This study addressed program preferences of the older people. We did not find a significant difference in the preference of older people whether to exercise at home, in group or in a combined setting of group-based activities and home-based exercises. Previous studies showed a preference of older people to exercise at home, compared to group exercises8 or compared to telephone or television or Internet or to combined home and telephone format.21 In addition, previous studies showed the importance of the accessibility of the exercise facilities25 or the preference of older people for programs conducted outside of a formal group setting.26

For a nutritional intervention, the preference of the participants for a pulsed timing of a supplement intake and the preference of a tablet over other intake forms is of particular interest. In a recent systematic review, Milne et al indicated that the taste of the supplement, the macronutrient composition, and the timing of administration have an effect on the willingness of older people at risk of malnutrition to take a food supplement.10 However, to our knowledge, this was the first study investigating the participants’ preferences among different intake options. Therefore, it is hypothesized that future nutritional interventions, adapted to the program preferences of the study sample, may increase recruitment numbers and adherence to interventions and eventually the implementability.25

Strengths of the study

This study discusses the results of a newly developed questionnaire with excellent psychometric properties. The scale content validity index was high (>0.8), indicating an excellent content validity of the overall questionnaire. The face validity of the questionnaire resulted in a questionnaire well-adapted to the targeted population of community-dwelling older people aged ≥65 years. A notable result was the very high reliability of both the PE and the nutritional questionnaire. As a result, these short questionnaires can be of general use to examine (dis)incentives of older people to participate in nutritional or PE interventions.

Limitations of the study

In the present study, the overall response rate was 47.9%. Non-responders to this questionnaire may either not be interested in the interventions, which would challenge the strength of the results, or have experienced practical problems (eg, they forgot to fill it in or send it to us). Although no conclusions can be made concerning the motivation of the non-responders or the presence of selection bias, one could argue that a reasonable number of older people filled-in the questionnaire. A recent study reported a response rate of 43.9% in a community-dwelling population aged >65 years.27 Although the validity of this questionnaire is reported, it could also be valuable to evaluate other psychometric properties of the questionnaire28 in future studies. The questionnaire was developed based on the Social Ecological Model for health promotion of McLeroy et al.12 The Self Determination Theory (SDT) of Ryan and Deci describes competence, autonomy, and relatedness as basic needs to achieve intrinsic motivation.29 However, as the SDT model includes less environmental factors, the Social Ecological Model is justified for the aim of this study.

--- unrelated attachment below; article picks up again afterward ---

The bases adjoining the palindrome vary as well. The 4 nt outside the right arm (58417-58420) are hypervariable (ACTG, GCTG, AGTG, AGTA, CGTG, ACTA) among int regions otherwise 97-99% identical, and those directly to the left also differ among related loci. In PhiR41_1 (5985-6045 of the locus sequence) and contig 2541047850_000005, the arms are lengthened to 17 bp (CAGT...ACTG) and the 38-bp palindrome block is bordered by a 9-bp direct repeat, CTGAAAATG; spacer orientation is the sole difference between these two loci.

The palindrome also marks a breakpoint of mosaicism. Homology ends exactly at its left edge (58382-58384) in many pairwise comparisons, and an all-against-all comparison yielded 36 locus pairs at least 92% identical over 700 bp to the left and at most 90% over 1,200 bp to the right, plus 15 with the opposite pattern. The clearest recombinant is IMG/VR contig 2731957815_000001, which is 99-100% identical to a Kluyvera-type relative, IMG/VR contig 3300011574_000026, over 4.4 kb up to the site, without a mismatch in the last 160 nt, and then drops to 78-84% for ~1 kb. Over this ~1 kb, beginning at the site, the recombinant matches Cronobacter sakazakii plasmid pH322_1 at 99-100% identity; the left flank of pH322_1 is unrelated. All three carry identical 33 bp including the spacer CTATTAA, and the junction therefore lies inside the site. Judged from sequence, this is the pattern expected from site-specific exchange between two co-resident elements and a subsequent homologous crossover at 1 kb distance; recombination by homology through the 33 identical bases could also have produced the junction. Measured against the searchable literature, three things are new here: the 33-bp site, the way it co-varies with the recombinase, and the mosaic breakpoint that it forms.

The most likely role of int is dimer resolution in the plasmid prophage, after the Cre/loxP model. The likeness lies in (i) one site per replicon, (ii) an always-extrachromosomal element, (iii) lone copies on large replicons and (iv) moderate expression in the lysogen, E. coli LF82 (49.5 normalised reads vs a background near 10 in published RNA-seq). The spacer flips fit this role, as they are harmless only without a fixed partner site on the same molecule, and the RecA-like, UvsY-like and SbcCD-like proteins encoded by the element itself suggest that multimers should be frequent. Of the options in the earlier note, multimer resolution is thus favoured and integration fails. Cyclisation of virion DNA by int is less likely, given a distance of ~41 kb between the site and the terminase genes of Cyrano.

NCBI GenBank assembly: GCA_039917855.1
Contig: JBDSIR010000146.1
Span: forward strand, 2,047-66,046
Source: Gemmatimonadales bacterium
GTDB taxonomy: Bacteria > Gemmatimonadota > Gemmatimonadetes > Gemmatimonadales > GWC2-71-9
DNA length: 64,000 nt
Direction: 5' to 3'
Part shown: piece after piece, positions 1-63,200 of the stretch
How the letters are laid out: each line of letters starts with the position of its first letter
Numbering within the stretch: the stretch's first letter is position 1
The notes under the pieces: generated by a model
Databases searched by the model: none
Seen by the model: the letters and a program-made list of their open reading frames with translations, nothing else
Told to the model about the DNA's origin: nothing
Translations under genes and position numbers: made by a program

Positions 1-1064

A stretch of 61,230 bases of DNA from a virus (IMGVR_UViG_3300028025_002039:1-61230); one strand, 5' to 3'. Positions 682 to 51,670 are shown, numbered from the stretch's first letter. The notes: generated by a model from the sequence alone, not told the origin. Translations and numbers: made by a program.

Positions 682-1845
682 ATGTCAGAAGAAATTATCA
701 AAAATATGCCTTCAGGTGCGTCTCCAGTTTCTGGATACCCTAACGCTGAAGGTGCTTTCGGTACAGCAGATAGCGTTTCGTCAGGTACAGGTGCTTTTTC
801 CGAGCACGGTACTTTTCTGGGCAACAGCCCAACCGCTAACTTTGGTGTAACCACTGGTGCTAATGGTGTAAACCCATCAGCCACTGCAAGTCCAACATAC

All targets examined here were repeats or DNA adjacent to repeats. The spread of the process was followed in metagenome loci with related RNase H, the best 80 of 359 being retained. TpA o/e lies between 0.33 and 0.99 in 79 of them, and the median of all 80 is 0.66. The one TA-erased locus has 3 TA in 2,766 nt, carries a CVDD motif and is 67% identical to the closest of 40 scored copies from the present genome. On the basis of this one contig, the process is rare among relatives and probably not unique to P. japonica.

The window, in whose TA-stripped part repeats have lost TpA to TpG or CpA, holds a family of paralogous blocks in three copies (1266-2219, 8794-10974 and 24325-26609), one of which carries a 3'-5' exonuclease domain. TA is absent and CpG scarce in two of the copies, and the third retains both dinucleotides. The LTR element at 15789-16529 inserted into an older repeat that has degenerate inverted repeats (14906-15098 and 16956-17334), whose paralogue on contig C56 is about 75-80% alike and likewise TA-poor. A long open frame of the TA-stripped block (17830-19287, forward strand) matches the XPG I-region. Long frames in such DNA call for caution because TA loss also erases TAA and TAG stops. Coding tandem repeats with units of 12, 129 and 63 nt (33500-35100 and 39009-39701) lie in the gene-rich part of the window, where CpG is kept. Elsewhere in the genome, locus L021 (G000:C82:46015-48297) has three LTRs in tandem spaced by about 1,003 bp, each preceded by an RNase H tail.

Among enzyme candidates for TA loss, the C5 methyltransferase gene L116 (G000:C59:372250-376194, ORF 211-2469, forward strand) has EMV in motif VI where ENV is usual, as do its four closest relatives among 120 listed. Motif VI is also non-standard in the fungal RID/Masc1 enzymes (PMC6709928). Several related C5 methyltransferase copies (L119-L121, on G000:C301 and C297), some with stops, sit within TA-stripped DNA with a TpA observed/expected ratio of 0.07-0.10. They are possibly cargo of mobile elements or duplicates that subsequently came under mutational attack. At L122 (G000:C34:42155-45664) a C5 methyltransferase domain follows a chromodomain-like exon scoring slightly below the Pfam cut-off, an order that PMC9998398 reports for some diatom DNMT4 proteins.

These results provide knowledge about the preferences of older people with or without frailty and/or risk of sarcopenia to participate in nutritional and/or PE interventions. Although, it is important in the development of a future study to combine the knowledge of these preferences with the state-of-the-art literature of a specific topic in older people, for example, the timing of protein intake.


This study provides insights into program preferences and (dis)incentives of older people, for example, the importance of intrapersonal factors. Moreover, to our knowledge, this is the first study to describe preferences of older people to nutritional programs. These preferences can be taken into account in recruitment strategies and interventions for older populations. Finally, a new and short questionnaire with good psychometric properties is proposed that can be of general use to evaluate the (dis)incentives and preferences of older people or specific older people subgroups to participate in PE and nutritional interventions.


The study received internal university funding (KU Leuven, University of Leuven). This paper was presented as a poster presentation at the International Conference on Frailty and Sarcopenia Research; March 1–3, 2018; Miami Beach, FL, USA; and at the Wintermeeting Belgische Vereniging voor Gerontologie en Geriatrie [Belgian Association for Gerontology and Geriatrics - Winter Meeting]; February 23, 2018; Ostend, Belgium. The abstract of the poster was published in the Tijdschrift voor Gerontologie en Geriatrie, 2018; volume 49(1).


The author reports no conflicts of interest in this work.